About Philip Clark

I have always had an interest in things electronic and technical from a quite early age. By the time I was about 7 or 8 I was building make-believe spaceships under the bed and starting to use electronics. I said to my parents “One day I am going to fly a spaceship” In later life, only about 20 years later, I actually did this by remote control!  (I made another prediction as a young boy, that I would fly an aeroplane. In later life, not only did I fly one, but I owned it as well!)

I read books about space adventures and travel such as ‘Stand by For Mars’, ‘Laurie’s Space Annual’ ‘By Spaceship To The Moon, ‘The Adventures Of Captain “Space” Kingsley’ and ‘Mariners of Space’ before I was about 10 years old.

I was still quite young when I found out that amateur radio was a more specialist side to electronics.  I suspect my interest in it may have been partly due to one of my teachers, at Largs Bay Primary School.  I think it was my grade seven teacher at the time.

However, it was not too long before my interest in things electronic started to grow further.  Before I was 11 years old I was already building electronic equipment. At age 12 I had been given a junior ‘teach yourself’ book called ‘Radio for Boys’. Before I reached the age of 13 years I was building radios from this book.

In the early 1950’s germanium semiconductor diodes became available.  These could be used in crystal radio receivers without the tiresome fiddling with a ‘cat’s whisker’.  In 1954 while I was in grade seven at primary school I managed to buy one of these devices.  It cost the princely sum of nine shillings and six pence.  This was a lot of money for a boy who was only getting two and six per week pocket money.  After some experimenting with this device I eventually managed to construct a crystal set in a match box.  Most of the parts were in the sliding tray of the box.  The tray that had a coil of wire around it.  There was another coil of wire on the outside of the box.  This arrangement meant that the radio could be tuned by sliding the tray in or out.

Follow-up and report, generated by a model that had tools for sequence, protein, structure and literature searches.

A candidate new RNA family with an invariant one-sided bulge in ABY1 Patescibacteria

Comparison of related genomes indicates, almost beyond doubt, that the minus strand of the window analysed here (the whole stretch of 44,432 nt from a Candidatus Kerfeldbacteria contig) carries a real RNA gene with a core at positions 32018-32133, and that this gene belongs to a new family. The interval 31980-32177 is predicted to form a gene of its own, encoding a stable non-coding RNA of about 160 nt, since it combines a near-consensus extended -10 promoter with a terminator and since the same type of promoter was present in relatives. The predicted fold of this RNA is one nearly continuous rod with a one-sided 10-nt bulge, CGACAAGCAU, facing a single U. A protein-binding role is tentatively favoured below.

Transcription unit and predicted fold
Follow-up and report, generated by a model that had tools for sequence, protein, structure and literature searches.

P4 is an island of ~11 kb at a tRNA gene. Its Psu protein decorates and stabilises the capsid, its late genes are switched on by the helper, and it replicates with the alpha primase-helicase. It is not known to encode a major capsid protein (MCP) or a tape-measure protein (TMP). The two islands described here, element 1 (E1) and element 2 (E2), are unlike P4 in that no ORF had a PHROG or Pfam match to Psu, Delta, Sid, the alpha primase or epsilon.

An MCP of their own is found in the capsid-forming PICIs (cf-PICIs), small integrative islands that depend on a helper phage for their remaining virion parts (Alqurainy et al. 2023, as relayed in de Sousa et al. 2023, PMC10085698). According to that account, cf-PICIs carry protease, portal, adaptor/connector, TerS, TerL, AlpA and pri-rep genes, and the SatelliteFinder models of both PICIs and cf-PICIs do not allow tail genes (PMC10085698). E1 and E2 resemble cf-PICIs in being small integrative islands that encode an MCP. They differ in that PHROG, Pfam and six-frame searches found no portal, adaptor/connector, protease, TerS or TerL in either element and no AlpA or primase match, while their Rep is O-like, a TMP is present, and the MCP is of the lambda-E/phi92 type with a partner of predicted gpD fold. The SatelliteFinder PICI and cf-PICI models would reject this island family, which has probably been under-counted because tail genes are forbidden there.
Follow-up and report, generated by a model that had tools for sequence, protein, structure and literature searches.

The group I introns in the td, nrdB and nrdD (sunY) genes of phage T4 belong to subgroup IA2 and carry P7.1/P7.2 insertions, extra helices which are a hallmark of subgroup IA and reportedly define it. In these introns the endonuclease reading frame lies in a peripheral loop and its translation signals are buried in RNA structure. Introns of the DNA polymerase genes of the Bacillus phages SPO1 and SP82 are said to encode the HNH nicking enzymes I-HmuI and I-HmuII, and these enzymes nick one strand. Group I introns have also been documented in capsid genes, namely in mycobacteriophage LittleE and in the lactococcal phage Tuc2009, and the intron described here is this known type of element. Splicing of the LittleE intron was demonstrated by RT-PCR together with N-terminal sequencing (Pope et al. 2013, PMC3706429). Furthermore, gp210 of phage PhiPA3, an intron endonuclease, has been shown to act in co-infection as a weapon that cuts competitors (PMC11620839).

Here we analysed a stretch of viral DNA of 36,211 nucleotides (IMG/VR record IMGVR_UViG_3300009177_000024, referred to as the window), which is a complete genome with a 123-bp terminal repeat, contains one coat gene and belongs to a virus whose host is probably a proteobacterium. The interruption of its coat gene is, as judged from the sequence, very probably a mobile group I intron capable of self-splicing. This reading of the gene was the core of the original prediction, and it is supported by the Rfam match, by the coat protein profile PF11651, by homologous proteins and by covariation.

When I had successfully made this, I took it to school and offered it for sale at the enormous price of 19 shillings and six pence, just six pence less than one pound.  This price was well outside of the finances of most students but as I recall I did sell two of them during the year.  Some time later I was able to purchase my first transistor.  These first transistors could only be used for quite simple applications and were exceedingly easy to damage or destroy if wrongly used.  Because of the cost I had to be very careful experimenting with them.

When I went to secondary school I managed to put my electronic knowledge to good use. Even before I was in second year I had somehow arranged for myself to take over the setting up of the sound system for school assemblies and most other functions.  Before the assembly I would get the amplifier, microphone and all of the necessary connecting cables and accessories from the store room and set up the system.  I would test it and make sure that everything was ready and working for the assembly.  I became very proficient at this.  In my intermediate year, the third year, of secondary school in 1957, I was presented with a prize for services to the school for m

y skill and ability in setting up the amplifier at the school assemblies.  At the time of the presentation it was said that the amplifier system had never worked so well as when I was setting it up.  I was very pleased about this.  The prize that I was awarded was a book called ‘The Boy Electrician’.  I still have this book.